I started an odd tradition back in high school.
Every morning before a big test, I would track down my mom and have the following conversation:
Me: Hey mom?
Mom: (Distractedly trying to feed the dog/eat breakfast/unload the dishwasher, etc.) What Marni?
Me: Um...you love me, right?
Mom: Of course I love you, Marni. Where is this coming from?
Me: Youʼre going to love me even if I royally tank on my math test, right? Mom: (Rolls her eyes) Yes, Marni. Iʼm still going to love you.
Me: Promise? Because I really think Iʼm going to fail this one.
Mom: YES! I will love you even if you fail all of your math tests, Marni.
Me: Uh, good. Because thatʼs, yʼknow . . . entirely possible.
And then I would wrap my arms around her in a tight hug before I squared my shoulders and headed off to school. I think my mom expected my little tradition would be a phase Iʼd eventually outgrow. But much to her chagrin, throughout college those particular phone calls kept coming. I simply substituted “math test” for “physics exam” or “senior thesis paper.” The rest of the conversation stayed exactly the same.
Just for the record, I donʼt actually doubt the constancy of my momʼs love. I keep asking because there is a kind of magic that happens when I hear the specific words spoken aloud.
In hindsight, I think my do-you-love-me-even-if tradition played a large role in shaping my writing career. It helped me battle my fear of failure.
And yes, there were times when I failed spectacularly. Socially and academically.
|I hear you, Bridget!|
My high school and college years are packed with assignments where I failed to meet both my standards and those of my professors.
There were times when I also lowered my standards until they dragged the ground.
I remember dancing all the way back to my dorm room when I discovered that a D was a passing grade for my Physics class. My professor was less than impressed when I literally busted a move in his office upon hearing that I had barely squeaked by on his torturous final exam.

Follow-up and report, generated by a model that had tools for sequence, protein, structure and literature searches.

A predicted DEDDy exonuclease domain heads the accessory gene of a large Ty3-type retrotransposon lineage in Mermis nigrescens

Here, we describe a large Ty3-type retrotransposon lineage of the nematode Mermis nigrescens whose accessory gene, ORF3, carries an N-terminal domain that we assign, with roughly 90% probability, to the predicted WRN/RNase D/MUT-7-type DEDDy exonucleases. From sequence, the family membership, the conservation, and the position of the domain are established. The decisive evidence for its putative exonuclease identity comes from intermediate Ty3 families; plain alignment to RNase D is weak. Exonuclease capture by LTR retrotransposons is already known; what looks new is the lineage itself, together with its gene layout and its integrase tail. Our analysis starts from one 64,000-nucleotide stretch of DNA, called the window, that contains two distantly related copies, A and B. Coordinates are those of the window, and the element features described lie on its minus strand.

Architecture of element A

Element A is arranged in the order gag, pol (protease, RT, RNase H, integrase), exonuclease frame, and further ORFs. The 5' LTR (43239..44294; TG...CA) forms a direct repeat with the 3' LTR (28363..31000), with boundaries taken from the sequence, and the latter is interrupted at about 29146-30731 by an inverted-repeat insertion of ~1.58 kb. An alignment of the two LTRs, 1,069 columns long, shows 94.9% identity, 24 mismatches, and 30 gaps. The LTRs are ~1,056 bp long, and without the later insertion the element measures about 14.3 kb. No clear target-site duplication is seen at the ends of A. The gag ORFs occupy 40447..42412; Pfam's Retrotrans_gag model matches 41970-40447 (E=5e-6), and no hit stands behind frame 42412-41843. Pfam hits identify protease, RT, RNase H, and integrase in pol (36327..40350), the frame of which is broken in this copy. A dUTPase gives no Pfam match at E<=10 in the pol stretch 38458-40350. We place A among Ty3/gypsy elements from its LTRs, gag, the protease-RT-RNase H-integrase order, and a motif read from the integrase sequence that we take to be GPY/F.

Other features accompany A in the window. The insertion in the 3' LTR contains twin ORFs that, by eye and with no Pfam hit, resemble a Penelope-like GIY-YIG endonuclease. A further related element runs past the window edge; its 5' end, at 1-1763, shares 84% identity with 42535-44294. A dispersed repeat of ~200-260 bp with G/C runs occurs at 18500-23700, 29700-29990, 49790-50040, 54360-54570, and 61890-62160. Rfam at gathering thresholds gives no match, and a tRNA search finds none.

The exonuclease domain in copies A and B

I laughed off his refusal to high-five me for such a dismally low score.
My mom loved me.
Sheʼd told me so herself right before I took the stupid test.
The cool part is that by giving me her permission to fail she also gave me the confidence to succeed. My mom is the one who taught me that report cards canʼt measure enthusiasm.
I have never once regretted the hours I spent photoshopping Ellen DeGeneres into my family photos.
I donʼt regret inappropriately groping a statue for my college art class.
And I definitely donʼt regret about opening myself up to ridicule by putting the stories in my head down on paper.
But it was by far the hardest task of them all.
Writing is personal.
For months--maybe even years--we live with a cast of characters nobody else can see. We think about them in the shower, we spend hours obsessing over their love lives in coffee shops, we cry over their heartbreaks, and sometimes we squeeze our eyes shut at night and hope they will find a way to haunt our dreams as well.
At least thatʼs the way it works for me.
Sometimes writing feels like so much more than a job. There are days when I become overwhelmed with a sense of obligation to do right by these fictitious people who are trusting me with their stories nonetheless. They are entirely dependent on me and sometimes--despite having the very best of intentions--I fail them.
There are the days when I stare blankly at my computer screen and brace myself for the Goodreads skewering that I can see looming on the horizon.
Thatʼs when I reach out to my writer friends. I drink an extra cup of coffee. I look for the humor in the situation. I dance to whatever strikes my fancy. And I remind myself that my mom will love me even if I get nothing but one-star reviews.
Then I get back to work.